Nothosaurus (Berlin Natural History Museum).


Nothosaurus (Greek for "false lizard"); pronounced NO-tho-SORE-us


Oceans worldwide

Historical Period:

Triassic (250-200 million years ago)

Size and Weight:

About 10 feet long and 150-200 pounds


Fish and crustaceans

Distinguishing Characteristics:

Long, tapered body; narrow head with numerous teeth; semi-aquatic lifestyle

About Nothosaurus

With its webbed front and back feet, flexible knees and ankles, and long neck and tapered body--not to mention its numerous teeth--Nothosaurus was a formidable marine reptile that prospered across the nearly 50 million years of the Triassic period. Because it bears a superficial resemblance to modern seals, paleontologists speculate that Nothosaurus may have spent at least some of its time on land; it's clear that this vertebrate breathed air, as evidenced by the two nostrils on the top end of its snout, and although it was undoubtedly a sleek swimmer, it wasn't as well adapted to a full-time aquatic lifestyle as later pliosaurs and plesiosaurs like Cryptoclidus and Elasmosaurus. (Nothosaurus is the best known of the family of marine reptiles known as nothosaurs; another well-attested genus is Lariosaurus.)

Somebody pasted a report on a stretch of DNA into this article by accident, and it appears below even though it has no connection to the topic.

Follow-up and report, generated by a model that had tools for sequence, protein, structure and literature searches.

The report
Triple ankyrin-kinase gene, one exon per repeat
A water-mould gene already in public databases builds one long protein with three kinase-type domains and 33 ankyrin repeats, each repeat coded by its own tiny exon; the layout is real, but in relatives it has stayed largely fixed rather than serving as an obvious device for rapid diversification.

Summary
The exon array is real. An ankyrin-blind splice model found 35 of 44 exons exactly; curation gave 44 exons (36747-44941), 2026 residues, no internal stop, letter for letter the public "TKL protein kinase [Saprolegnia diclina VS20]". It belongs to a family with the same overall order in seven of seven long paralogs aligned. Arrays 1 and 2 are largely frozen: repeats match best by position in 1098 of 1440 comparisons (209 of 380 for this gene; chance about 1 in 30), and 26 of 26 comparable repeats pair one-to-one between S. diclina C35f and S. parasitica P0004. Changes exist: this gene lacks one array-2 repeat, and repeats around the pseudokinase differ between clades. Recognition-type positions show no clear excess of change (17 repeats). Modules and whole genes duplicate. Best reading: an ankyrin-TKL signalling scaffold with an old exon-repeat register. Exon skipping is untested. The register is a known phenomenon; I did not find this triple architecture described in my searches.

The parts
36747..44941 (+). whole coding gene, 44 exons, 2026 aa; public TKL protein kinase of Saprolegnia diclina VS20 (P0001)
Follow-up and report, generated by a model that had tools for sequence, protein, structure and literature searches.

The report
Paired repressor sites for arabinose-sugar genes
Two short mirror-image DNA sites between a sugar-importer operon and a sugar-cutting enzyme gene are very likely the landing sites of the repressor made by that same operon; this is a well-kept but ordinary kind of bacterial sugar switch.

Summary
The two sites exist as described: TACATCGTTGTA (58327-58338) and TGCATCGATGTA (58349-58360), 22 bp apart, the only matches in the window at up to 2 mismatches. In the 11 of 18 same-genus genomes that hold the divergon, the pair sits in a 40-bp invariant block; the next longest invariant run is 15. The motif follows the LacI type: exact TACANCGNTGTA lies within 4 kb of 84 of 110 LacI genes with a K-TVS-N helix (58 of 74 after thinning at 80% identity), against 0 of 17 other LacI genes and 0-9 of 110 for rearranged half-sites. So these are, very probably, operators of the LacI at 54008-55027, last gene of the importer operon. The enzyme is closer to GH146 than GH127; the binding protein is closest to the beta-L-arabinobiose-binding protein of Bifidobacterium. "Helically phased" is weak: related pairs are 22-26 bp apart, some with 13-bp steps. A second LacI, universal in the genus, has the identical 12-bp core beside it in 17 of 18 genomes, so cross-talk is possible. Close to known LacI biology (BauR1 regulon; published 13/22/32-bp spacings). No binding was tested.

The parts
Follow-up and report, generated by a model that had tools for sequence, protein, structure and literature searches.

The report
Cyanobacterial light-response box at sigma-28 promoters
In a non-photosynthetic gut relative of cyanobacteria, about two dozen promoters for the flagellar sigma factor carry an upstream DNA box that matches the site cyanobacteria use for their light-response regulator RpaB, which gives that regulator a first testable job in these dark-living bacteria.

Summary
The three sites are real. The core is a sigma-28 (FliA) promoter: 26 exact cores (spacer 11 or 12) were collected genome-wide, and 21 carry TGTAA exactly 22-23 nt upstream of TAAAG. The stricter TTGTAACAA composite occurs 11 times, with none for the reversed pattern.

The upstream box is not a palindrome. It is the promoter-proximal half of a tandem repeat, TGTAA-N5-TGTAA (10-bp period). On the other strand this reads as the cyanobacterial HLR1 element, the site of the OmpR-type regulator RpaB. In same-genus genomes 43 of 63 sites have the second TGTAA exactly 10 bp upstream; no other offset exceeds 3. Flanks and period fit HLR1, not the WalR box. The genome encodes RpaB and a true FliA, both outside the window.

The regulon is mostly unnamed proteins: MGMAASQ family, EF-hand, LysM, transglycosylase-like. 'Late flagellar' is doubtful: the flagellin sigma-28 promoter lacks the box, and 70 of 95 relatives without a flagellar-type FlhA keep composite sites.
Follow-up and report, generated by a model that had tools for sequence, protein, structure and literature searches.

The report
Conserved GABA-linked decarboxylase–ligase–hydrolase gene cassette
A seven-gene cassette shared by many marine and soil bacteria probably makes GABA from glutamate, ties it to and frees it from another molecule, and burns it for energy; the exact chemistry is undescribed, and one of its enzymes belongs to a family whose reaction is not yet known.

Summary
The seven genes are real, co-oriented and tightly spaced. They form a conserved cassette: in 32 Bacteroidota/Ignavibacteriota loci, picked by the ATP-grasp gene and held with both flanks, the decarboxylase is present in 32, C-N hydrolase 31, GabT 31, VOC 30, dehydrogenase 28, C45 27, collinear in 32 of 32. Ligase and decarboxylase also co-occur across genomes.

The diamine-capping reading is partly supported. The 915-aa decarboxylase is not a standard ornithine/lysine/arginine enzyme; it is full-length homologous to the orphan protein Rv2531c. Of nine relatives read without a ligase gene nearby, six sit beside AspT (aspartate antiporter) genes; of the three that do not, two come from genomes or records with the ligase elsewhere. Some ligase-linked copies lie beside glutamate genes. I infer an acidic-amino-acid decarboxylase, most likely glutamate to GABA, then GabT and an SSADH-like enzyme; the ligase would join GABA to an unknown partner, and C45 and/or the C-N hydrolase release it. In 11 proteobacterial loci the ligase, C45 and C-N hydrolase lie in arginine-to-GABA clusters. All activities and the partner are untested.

Although it's not widely known to the general public, Nothosaurus is one of the most important marine reptiles in the fossil record. There are over a dozen named species of this deep-sea predator, ranging from the type species (N. mirabilis, erected in 1834) to N. zhangi, erected in 2014, and it apparently had a worldwide distribution during the Triassic period, with fossil specimens discovered as far afield as western Europe, northern Africa and eastern Asia. There is also speculation that Nothosaurus, or a closely related genus of nothosaur, was the distant ancestor of the giant plesiosaurs Liopleurodon and Cryptoclidus, which were an order of magnitude bigger and more dangerous!